Politically, the timetable is not urgent. There is no immediate route for Mr Ganley or any other like-minded politicians. The earliest opportunity will be the European elections in 2014. This does not mean their words should not be heeded. Well before that date, the crunch for the euro will come and if we continue the way we are going all of us will suffer and neither the banks nor the bankers will survive.

I have outlined the solution: it is to follow natural instincts and disconnect from the disaster facing us. The way forward is increasingly the subject of intelligent guidance as given by Jens Nordvig in the Financial Times last Saturday. Mr Nordvig's article shows us the way to change back from the euro to individual currencies.

He demolishes those who say there is no alternative to euro membership. If we refuse to face up to the problem, the eurozone will fail. If we plan our way, it will be manageable.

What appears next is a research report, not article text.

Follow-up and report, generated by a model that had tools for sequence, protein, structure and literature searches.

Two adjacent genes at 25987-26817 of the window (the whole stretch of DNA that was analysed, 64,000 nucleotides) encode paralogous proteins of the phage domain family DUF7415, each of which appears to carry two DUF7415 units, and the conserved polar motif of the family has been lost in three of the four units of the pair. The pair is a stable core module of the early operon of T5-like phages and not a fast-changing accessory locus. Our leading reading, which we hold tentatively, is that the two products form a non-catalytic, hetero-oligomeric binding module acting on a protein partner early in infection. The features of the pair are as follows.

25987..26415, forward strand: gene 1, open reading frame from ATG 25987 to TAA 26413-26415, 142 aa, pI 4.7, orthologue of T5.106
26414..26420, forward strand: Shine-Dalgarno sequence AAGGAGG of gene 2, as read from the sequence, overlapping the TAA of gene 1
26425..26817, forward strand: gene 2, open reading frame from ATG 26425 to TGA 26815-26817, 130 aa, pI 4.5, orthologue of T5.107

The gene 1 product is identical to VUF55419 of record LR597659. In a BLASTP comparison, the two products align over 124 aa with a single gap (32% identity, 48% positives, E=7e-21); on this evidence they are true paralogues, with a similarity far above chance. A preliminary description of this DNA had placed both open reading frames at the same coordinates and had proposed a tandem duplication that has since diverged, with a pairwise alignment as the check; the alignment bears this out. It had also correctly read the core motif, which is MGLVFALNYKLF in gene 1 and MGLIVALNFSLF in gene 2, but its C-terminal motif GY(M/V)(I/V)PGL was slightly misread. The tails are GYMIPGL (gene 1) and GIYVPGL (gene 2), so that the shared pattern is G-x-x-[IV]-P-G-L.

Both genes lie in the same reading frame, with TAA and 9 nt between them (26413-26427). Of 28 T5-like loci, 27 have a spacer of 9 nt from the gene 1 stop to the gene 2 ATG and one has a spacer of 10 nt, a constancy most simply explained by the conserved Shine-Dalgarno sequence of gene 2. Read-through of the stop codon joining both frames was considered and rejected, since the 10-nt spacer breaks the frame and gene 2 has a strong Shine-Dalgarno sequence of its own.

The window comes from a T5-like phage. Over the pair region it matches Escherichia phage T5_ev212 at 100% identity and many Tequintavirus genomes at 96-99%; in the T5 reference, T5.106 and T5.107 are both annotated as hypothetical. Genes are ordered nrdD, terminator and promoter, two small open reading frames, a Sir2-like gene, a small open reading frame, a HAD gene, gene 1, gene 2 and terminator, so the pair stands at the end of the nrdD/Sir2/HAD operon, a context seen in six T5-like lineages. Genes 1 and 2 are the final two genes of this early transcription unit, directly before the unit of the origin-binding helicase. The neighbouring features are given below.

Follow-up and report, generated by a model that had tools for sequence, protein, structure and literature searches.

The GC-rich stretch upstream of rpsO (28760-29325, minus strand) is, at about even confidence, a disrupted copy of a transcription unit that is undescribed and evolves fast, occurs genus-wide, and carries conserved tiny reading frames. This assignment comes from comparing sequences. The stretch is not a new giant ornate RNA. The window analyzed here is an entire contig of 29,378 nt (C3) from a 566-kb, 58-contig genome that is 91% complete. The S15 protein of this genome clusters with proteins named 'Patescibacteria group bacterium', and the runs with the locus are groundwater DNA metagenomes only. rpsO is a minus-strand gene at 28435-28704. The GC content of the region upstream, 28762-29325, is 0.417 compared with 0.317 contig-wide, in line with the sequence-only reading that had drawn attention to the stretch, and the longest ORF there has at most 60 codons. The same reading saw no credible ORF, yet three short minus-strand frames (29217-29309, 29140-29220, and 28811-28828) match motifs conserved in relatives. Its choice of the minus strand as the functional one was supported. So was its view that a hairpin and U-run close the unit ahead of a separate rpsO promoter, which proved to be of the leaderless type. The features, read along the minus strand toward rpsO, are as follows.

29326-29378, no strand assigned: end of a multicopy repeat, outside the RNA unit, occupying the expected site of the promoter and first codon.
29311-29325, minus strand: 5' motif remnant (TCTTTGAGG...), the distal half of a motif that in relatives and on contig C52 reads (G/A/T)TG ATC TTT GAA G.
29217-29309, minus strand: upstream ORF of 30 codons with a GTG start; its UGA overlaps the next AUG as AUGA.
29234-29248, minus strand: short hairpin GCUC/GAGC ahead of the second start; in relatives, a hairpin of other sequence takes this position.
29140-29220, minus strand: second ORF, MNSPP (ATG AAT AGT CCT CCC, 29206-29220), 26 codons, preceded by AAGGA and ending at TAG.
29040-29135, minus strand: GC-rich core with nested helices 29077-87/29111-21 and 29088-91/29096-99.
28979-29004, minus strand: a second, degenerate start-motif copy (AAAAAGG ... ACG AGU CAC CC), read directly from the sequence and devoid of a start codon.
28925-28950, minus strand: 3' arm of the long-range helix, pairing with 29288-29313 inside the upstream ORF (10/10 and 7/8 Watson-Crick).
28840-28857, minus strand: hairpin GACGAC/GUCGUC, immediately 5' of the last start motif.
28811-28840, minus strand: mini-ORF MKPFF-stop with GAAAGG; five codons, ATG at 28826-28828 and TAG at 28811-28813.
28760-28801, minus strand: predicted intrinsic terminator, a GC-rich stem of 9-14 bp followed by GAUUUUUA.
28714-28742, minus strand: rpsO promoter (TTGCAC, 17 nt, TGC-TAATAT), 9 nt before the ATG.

With proper preparatory work, the currency or currencies can be changed. About 50 times since 1945, currency unions around the world have been dissolved. So it has happened and can happen again.

He advises that Europe needs a contingency plan for a eurozone break-up. Since fears about a break-up are already present and affecting investors' flows, the cost-benefit analysis of announcing such contingency plans is very different to what it would have been in 1999. At this juncture, contingency plans would help to reduce uncertainty, rather than add to it.

What is flowing here is the fresh air that has inspired Mr Ganley in recent years and should be inspiring more businessmen and professionals, politicians and economists. We need to change our thinking and our targets.